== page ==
Today’s installment in the on-going “Indoor Bug” series is the wee-but-elegant Moth fly.
Moth flies are tiny (around 1/8”) and hairy flies (order Diptera—“two-wings”) in the family Psychodidae. They have long antennae and their wings are scale/hair-covered and disproportionately large. They are weak flyers (outdoor species are easily blown by the wind) who often lurch about, as Monty Python used to say, “on all sixes.” Various species of moth flies are called drain flies, filter flies, and bathroom flies. The black wings of the Bathroom/Moth Fly (Telmatoscopus albipunctatus) are edged with tiny white spots like Christmas lights (from albi—white, and punctatus—point), and it holds its wings out to the side in a flat “V”.
In their Field Guide to Insects of North America Kaufman and Eaton, who, to the BugLady’s knowledge have never been in her house, nonetheless describe her moth flies’ habitat perfectly—“they are seen perched on bathroom walls.” Outdoor species of moth flies, like their house-loving relations, prefer damp, shady habitats.
Moth fly generations are short generations, but new adults are constantly emerging, mating, and laying eggs, so there is a lot of overlap of generations. The larvae of many moth flies are at home in the wet film that lines plumbing pipes and in the traps of drainpipes (outdoor species often associate with sewerage treatment plants). The larvae dine on the gunk therein, eating tiny organisms like algae, bacteria, and fungi in the sludge. The adults breed and lay their gelatinous mass of eggs there (the author of Everything You Ever Needed To Know You Learned In Kindergarten once wrote that one thing that separates (human) Adults from Not-adults is the fortitude needed to clean the slimy stuff out of a drain pipe). The Moth fly is adapted to a habitat for which there is little competition.
Moth flies are generally considered to be harmless—unless you get turned off by thinking about where their feet have been (but hey, that’s your sink gunk they’re living in). There are some dissenters. There’s a reference to asthma being caused by inhaling quantities of desiccated moth flies in South Africa, but the BugLady never sees more than one moth fly at a time here in God’s Country, so she’s not too worried about that. Articles in the Transactions of the Royal Society of Tropical Medicine and Hygiene report that both a nasopharyngeal and an intestinal myiasis are caused by the larvae of T. albipunctatus (myia comes from the Greek word for fly). Those British and their myiases! Broadly, a myiasis is an infestation by parasitic fly larvae that feed on the host’s tissue, internally or externally. A quick detour into the world of myiases finds culprits with dynamite names like blow fly, flesh fly, bot fly, ox warbles, screwworm fly, tumbu fly and Congo floor maggot. The BugLady may regard these cute little moth flies with a more jaundiced eye when they reappear this summer.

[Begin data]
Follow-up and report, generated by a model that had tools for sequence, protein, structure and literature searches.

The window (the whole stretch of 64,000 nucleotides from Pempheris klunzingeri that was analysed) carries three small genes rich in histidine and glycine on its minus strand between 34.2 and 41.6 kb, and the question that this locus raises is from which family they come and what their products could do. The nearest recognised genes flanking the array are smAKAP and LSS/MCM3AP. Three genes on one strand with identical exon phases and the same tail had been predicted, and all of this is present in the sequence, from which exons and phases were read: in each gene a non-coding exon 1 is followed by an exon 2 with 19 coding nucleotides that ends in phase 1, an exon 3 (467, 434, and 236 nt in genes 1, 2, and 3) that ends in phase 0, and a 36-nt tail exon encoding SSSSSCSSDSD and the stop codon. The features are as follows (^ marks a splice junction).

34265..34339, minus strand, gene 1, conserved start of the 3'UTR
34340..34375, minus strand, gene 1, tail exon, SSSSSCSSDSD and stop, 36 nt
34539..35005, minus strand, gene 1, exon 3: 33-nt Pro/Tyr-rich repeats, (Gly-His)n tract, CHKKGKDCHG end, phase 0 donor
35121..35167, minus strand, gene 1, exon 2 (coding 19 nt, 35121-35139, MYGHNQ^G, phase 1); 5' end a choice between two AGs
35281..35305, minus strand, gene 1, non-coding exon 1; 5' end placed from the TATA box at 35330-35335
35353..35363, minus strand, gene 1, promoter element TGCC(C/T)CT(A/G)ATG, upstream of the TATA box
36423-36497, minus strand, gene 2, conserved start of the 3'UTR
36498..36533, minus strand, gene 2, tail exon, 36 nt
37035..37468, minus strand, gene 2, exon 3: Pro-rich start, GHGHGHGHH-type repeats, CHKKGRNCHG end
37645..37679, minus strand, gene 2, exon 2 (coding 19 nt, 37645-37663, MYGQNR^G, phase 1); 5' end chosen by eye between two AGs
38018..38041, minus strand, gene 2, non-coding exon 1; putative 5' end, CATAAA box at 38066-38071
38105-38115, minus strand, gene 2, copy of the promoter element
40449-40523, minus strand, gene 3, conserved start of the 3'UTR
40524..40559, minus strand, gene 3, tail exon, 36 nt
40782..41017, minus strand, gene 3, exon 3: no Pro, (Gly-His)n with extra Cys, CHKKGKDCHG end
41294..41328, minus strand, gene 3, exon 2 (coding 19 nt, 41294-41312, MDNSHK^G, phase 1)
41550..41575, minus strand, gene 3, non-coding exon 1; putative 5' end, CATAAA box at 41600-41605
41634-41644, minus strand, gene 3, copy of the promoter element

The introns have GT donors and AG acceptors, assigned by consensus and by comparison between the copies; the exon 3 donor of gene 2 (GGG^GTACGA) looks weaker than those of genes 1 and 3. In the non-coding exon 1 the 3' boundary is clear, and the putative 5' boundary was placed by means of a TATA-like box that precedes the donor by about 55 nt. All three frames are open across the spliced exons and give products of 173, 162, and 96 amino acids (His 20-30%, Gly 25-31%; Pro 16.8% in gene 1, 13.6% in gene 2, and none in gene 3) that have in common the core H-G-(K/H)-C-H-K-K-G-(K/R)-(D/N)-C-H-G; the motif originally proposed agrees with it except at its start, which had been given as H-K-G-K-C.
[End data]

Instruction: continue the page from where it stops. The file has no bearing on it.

The related sand fly is a bloodsucking fly in the genus Phlebotomus (really!) that is responsible for spreading a variety of unpleasant diseases in the Old World and in the tropics and near-tropics.
Random moth fly fact—when the larvae of T. albipunctatus are exposed to caffeine, there is a high mortality rate, and many of the survivors are stunted and rendered less fertile. Younger larvae incur more damage than older ones. The BugLady sincerely hopes that her tax dollars are not funding grants for experiments that caffeinate moth flies.